Ending up with something so tight that it looks like Shapewear or a too-short mini skirt because you didn't shrink your fabric before sewing is still not as bad as not using the grain of the fabric to place your pattern.  To find the grain of your fabric, all you have to do is square and true the fabric, join the side where the selvage was and fold the fabric.

The fabric grain is indicated on the pattern as the long arrow that runs the length of the pattern piece it will cause the fabric to hang correctly because it will be cut at a right angle.  Not only does it look bad, it's annoying to wear because your skirt or pants will keep twisting around or clinging to you, but more importantly, the pieces of your pattern will not match. This is simply because the fabric will stretch at an angle.  A perfect example of this is a skirt cut on a bias.  We've all had t-shirts where they cut slightly off grain to save time and it twists around the torso.

Avoid this by making sure to place your pattern pieces accurately on grain when you cut out your patterns.  You can achieve this by measuring the distance from the selvage to the grain arrow and making sure it is equidistance, as show on the picture below.

using the grainline symbol in the pattern properly

Placing the pattern on the grain of the fabric

#4  Not having enough fabric to match plaids or stripes.

This is the classic mistake easily avoided by buying more fabric and placing the pattern so it matches the prints or plaid.  On your pattern, mark where the most prominent color.  In my example below,  I have marked the brown color  in all the pattern pieces, because is the most dominant, notice how you actually will use more fabric because not only you have  to use the direction of the color, but also you have to maintain the grain of the fabric.  As a rule, how much fabric you will need, will always depend on your size  and the width of the fabric you intend to use.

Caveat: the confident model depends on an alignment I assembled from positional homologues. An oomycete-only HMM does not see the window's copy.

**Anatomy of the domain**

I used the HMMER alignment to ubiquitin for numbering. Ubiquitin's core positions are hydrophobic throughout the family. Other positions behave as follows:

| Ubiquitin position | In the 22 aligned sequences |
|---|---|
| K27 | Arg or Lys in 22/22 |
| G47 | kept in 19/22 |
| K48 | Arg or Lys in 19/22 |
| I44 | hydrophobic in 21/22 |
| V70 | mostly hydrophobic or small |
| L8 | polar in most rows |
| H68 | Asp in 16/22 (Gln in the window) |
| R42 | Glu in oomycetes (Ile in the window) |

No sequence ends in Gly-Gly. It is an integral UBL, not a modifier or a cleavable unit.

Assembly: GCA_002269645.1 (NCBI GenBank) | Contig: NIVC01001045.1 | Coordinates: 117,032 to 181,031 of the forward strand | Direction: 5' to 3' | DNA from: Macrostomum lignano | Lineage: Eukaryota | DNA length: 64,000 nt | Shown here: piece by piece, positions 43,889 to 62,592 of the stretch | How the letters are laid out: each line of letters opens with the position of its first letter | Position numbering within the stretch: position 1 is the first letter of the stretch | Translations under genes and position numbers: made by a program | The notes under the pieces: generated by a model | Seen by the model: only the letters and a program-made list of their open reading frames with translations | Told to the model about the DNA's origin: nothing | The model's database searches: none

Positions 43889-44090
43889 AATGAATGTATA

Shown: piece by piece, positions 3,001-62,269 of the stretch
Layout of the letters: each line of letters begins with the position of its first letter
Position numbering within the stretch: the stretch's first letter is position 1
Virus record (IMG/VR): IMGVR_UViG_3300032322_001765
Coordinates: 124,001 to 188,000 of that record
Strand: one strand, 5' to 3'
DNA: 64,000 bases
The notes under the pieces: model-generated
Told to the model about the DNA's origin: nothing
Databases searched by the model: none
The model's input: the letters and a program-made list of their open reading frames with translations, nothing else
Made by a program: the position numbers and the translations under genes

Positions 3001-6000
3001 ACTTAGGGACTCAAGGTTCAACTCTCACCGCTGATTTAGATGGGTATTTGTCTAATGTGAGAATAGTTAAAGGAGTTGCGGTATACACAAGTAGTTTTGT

finalplaid Collage

how to match plaids when cutting fabric

#5 Using the wrong fabric.

A thin silky fabric will not make an appealing jacket due to its lack of structure.  It would however, make a very good lining.  A knit fabric will perform differently from a woven fabric because of the stretchability of the knit, therefore, the pattern pieces on a knitted garment are going to be less wide than normal patterns.  All Patterns will give you suggestions for what fabrics to use. It is possible to substitute the fabric according to its drapability.

Follow the instructions on the back of the envelope to the letter. It will be clearly  marked what kind of fabric will be best suited for the pattern, study the drawing, see how the garment falls away or clings  to the body.  Look at the illustration and try to match what the designer have used.  For a sample of swatches and their common uses please watch this video:

Its is easy to get excited when inspiration strikes us, and we want to get things done quickly, but by not avoiding this 5 common mistakes before cutting the fabric, you will only be sabotaging your own efforts and creativity. Taking the time to prepare your fabric may sound boring but it is essential for a good sewing outcome.

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70 Responses to Top 5 Mistakes to Avoid When Cutting Fabric

  1. Suzanne says: